More than three decades ago I had the opportunity of meeting the iconic Ram Dass for the first time on Martha’s Vineyard at a satsung. Satsung is a Sanskrit word that means “gathering together for truth,” which usually involves teaching, music and meditation. This evening rocked my world in a subtle yet profound way.
Ram Dass, formerly known as Dr. Richard Alpert, the eminent Harvard psychologist and psychedelic pioneer, traveled to India in 1967 where he met his guru, Neem Karoli Baba. It was he who gave Ram Dass his name, which means “servant of God.” Ram Dass’s experience in India catapulted him into an intense dharmic life, meaning he became devoted to following “the path to righteousness.”
He became a pivotal influence on a generation that reverberated with the words “Be Here Now.” Ram Dass’s spirit and teaching have become a guiding light for three generations. He influenced millions of people helping them to diminish their suffering and find greater inner peace and compassion. His most famous book, Be Here Now, continues to be the instruction manual of choice for spiritual seekers worldwide.
I sat mesmerized with about twenty other people on the beach that night under a blazing sunset and full moon as Ram Dass spoke melodiously a rhythmic stream of consciousness about being present and not worrying so much about the past and the future. We knew then that we sat before a man with great wisdom, whose words represented a whole new way of experiencing our lives. He spoke softly and definitively about love, kindness, and compassion. We knew these ideas, but for Ram Dass, loving kindness was about the journey as well as the destination.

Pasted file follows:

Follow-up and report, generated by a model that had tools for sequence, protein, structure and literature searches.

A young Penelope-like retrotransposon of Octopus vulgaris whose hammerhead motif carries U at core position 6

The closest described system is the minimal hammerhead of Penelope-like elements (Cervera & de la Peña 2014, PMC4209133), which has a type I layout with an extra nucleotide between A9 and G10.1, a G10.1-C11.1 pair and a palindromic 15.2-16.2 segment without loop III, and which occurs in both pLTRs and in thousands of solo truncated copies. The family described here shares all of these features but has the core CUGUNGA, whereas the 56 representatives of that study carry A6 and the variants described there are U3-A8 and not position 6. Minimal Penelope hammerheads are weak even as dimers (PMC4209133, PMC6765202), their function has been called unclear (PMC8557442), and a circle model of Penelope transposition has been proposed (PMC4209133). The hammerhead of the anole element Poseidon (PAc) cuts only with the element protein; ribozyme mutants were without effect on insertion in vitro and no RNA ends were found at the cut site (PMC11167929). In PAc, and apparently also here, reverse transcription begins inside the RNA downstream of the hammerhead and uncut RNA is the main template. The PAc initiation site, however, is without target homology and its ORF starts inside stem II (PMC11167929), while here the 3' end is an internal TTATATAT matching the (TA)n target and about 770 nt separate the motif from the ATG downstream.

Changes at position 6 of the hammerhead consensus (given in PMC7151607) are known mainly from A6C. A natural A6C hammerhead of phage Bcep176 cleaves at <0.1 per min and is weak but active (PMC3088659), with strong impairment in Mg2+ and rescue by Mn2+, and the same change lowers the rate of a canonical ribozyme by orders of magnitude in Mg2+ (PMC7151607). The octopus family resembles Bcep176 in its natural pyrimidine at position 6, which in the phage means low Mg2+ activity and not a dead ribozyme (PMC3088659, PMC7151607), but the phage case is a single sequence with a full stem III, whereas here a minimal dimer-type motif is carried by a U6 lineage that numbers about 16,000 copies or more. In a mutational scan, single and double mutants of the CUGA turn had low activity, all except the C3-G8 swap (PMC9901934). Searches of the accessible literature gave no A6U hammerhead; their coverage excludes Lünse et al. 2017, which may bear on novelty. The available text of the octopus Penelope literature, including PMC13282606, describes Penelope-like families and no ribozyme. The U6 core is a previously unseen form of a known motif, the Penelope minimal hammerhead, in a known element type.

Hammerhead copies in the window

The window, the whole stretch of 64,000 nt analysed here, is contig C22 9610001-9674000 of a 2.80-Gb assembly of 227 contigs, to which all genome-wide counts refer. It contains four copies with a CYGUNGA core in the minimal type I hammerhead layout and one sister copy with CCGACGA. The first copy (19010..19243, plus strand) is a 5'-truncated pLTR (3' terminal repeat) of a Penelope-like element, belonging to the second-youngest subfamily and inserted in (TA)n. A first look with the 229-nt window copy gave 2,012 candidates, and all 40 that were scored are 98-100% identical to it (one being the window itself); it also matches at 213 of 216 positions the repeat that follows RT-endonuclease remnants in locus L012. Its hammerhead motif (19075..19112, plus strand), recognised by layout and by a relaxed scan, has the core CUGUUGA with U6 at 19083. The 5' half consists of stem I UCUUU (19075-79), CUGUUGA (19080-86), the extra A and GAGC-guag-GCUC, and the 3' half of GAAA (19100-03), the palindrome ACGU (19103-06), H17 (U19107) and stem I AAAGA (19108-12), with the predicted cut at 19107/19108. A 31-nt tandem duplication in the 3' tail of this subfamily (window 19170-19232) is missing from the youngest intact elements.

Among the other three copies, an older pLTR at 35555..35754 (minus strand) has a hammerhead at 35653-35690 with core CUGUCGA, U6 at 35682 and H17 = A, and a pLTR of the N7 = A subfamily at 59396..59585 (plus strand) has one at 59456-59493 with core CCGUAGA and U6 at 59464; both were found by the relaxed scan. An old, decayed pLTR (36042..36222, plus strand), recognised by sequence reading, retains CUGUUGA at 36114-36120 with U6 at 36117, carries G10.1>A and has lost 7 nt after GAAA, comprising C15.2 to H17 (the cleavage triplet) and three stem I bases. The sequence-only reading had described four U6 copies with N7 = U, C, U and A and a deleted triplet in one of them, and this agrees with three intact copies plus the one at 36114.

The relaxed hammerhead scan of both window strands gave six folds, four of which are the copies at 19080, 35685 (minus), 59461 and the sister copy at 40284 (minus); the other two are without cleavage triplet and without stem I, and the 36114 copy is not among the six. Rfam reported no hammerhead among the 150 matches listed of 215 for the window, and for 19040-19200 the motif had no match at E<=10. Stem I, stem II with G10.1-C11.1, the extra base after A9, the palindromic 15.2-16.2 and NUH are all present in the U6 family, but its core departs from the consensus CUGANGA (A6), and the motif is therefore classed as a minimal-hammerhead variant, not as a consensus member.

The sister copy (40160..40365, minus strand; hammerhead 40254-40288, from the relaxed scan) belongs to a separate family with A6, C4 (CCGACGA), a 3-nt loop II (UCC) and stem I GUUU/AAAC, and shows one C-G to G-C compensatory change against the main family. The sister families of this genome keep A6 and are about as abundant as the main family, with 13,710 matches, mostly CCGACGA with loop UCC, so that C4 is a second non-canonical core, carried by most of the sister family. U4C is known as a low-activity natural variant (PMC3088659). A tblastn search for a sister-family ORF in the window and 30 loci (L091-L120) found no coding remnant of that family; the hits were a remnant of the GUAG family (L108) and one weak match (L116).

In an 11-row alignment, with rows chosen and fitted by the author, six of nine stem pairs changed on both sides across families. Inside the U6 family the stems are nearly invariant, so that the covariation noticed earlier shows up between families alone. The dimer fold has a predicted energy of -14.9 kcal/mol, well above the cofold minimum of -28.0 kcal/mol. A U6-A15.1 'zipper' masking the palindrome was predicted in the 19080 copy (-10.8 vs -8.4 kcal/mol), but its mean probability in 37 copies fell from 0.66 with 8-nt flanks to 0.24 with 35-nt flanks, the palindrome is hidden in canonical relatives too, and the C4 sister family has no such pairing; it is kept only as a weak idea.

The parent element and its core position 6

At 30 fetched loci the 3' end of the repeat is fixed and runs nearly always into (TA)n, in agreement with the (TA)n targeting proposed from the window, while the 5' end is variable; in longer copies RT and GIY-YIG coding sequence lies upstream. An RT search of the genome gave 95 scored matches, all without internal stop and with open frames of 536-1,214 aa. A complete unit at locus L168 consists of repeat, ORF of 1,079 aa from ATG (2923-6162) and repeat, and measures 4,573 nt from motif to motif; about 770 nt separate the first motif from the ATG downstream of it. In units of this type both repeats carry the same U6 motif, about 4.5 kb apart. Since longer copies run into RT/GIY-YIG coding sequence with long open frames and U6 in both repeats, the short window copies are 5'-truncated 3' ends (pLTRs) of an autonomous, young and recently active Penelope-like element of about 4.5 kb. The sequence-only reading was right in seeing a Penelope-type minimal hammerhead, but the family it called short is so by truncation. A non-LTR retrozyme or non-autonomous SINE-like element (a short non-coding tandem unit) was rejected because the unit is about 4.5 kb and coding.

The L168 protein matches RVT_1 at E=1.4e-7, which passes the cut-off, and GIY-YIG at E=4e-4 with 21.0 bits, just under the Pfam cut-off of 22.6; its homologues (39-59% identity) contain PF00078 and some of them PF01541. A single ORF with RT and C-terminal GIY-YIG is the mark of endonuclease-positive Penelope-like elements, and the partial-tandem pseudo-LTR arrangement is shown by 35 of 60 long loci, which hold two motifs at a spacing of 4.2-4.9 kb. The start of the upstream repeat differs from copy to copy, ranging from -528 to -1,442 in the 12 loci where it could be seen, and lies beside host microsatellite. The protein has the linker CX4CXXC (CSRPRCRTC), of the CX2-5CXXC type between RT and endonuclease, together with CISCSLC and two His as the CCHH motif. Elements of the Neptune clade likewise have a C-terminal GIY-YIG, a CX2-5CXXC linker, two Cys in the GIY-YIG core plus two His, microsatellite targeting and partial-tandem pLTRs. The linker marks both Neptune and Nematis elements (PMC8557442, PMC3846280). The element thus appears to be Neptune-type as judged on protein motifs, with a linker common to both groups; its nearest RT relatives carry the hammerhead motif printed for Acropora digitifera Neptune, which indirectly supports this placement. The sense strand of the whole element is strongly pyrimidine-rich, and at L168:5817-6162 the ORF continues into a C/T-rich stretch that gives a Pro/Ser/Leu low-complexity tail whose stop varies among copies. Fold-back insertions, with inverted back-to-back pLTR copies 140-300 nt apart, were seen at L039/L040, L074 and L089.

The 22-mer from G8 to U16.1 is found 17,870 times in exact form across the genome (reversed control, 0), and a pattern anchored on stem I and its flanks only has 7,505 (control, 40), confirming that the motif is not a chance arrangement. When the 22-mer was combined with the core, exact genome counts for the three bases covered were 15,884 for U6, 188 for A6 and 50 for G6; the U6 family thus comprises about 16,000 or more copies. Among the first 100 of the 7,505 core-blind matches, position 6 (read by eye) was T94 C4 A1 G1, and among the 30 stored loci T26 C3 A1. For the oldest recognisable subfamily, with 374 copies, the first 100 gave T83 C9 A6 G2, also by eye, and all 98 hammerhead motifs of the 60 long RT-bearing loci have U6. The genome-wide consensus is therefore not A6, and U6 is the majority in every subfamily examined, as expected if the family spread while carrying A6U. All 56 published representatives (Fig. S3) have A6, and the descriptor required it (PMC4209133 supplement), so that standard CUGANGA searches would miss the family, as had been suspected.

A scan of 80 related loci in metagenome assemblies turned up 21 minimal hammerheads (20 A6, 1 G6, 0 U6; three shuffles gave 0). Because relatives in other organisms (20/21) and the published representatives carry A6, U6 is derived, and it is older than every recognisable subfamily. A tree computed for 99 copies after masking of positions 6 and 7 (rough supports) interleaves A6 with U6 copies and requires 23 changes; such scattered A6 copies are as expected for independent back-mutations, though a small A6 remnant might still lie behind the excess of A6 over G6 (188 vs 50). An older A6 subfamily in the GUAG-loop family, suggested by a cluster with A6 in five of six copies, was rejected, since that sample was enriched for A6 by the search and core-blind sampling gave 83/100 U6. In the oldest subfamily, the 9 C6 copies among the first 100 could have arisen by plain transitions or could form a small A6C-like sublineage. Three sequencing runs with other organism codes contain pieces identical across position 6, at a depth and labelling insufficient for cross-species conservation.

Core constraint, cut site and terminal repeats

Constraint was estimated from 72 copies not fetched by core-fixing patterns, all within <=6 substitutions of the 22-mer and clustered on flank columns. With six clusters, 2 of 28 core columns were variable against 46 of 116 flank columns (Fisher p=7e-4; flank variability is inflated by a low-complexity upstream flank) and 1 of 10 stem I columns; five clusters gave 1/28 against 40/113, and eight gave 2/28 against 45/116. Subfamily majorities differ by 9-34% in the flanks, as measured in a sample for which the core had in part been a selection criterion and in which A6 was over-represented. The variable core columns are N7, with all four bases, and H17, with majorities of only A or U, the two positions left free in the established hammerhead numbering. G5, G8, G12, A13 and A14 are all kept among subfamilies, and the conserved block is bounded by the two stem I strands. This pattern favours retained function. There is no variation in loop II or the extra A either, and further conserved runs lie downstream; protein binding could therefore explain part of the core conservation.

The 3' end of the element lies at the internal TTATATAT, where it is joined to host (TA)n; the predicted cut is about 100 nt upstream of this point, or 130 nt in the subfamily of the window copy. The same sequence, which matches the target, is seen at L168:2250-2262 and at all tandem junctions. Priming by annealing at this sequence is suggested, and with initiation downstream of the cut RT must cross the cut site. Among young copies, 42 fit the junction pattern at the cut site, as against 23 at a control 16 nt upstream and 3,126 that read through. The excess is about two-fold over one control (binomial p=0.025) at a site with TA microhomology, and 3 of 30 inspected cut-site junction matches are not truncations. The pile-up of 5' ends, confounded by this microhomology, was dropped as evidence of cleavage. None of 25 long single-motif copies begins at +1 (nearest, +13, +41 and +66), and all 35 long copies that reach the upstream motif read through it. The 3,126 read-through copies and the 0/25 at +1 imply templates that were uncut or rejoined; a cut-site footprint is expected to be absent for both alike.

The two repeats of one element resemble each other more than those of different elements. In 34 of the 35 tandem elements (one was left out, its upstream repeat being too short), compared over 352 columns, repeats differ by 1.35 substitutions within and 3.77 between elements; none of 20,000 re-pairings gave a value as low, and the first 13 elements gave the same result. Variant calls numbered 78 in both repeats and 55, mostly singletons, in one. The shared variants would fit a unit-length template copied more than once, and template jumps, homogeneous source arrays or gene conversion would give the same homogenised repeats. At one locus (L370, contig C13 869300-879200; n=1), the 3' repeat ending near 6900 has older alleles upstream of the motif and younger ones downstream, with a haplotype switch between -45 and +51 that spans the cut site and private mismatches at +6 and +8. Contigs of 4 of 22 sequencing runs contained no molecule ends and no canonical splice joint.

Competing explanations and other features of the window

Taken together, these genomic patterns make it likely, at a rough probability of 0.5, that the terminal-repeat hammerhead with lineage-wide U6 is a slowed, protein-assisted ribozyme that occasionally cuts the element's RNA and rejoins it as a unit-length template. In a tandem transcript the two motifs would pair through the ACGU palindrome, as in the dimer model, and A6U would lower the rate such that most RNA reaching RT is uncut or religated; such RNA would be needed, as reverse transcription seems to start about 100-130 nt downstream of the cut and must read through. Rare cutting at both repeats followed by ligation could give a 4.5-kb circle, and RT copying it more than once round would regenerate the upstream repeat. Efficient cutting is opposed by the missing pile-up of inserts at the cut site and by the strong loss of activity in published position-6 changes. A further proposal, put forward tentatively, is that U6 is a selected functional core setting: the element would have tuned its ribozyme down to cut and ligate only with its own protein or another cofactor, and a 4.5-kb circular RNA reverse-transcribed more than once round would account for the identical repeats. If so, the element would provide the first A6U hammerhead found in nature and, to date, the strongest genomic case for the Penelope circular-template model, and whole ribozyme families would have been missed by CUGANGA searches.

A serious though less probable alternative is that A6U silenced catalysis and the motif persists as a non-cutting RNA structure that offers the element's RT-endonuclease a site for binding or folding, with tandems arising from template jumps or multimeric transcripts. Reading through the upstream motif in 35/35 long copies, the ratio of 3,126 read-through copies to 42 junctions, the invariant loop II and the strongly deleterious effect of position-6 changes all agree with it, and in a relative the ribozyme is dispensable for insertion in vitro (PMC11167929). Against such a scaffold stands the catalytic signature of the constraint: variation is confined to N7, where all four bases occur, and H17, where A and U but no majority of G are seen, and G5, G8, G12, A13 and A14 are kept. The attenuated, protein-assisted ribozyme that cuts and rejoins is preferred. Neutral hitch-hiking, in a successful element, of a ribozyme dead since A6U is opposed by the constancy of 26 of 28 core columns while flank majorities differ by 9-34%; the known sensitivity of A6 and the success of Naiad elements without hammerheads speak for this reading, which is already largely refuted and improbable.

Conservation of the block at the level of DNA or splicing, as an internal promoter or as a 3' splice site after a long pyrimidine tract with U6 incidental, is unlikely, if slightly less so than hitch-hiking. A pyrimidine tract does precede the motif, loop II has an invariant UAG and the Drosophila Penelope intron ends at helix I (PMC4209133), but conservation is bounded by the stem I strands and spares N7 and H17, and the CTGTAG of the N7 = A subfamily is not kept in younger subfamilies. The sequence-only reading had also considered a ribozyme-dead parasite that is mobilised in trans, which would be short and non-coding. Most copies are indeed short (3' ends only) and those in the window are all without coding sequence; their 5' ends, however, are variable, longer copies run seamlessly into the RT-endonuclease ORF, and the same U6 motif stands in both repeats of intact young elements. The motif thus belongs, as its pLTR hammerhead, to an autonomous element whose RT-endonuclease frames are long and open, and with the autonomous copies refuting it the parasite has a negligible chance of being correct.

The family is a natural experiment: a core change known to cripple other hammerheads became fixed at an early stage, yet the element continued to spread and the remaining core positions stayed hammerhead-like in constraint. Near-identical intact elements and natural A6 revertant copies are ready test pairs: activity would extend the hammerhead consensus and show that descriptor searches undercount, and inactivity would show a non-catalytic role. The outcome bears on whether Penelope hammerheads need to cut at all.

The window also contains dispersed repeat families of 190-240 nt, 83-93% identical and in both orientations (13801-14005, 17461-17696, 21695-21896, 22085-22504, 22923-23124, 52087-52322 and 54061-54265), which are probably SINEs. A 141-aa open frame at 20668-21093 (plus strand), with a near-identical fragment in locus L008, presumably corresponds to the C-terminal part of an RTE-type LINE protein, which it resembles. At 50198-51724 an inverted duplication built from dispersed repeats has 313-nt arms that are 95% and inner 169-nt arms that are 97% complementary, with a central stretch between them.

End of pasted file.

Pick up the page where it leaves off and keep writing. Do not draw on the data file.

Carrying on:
My work as a psychologist and educator slowly began to change as I embarked upon my own spiritual journey. I learned the powerful effects of breathing and meditation as vehicles for being in the moment and began teaching these methods to my patients and students.
Last night I had the rare opportunity to witness, via the internet, an interview for health practitioners around the globe with the now wheelchair-confined, Ram Dass. After a partial recovery from a stroke he could no longer walk and struggled with his speech. At times he whispered his message about our needing to “wake up to ourselves and become loving awareness.” Periodically there were pauses as he searched for his words. He put his hand to his head and then to his heart and said, “It is here.” He advised us to repeat the mantra whenever possible, “I am loving awareness.”
It is about being in the moment with our aging selves. He urged us to go deeper into our spiritual hearts and accept the Now. Concentrate on what is and let go of what was, without judgments or comparisons. Clearly Ram Dass’s body was confined but his mind and soul seemed free. With great poise he exemplified the idea that it is not about what life hands us, but rather how we respond to it. Loving awareness of whatever life brings quiets the suffering and helps us to find inner peace and grace.
How can you find loving awareness in your own life?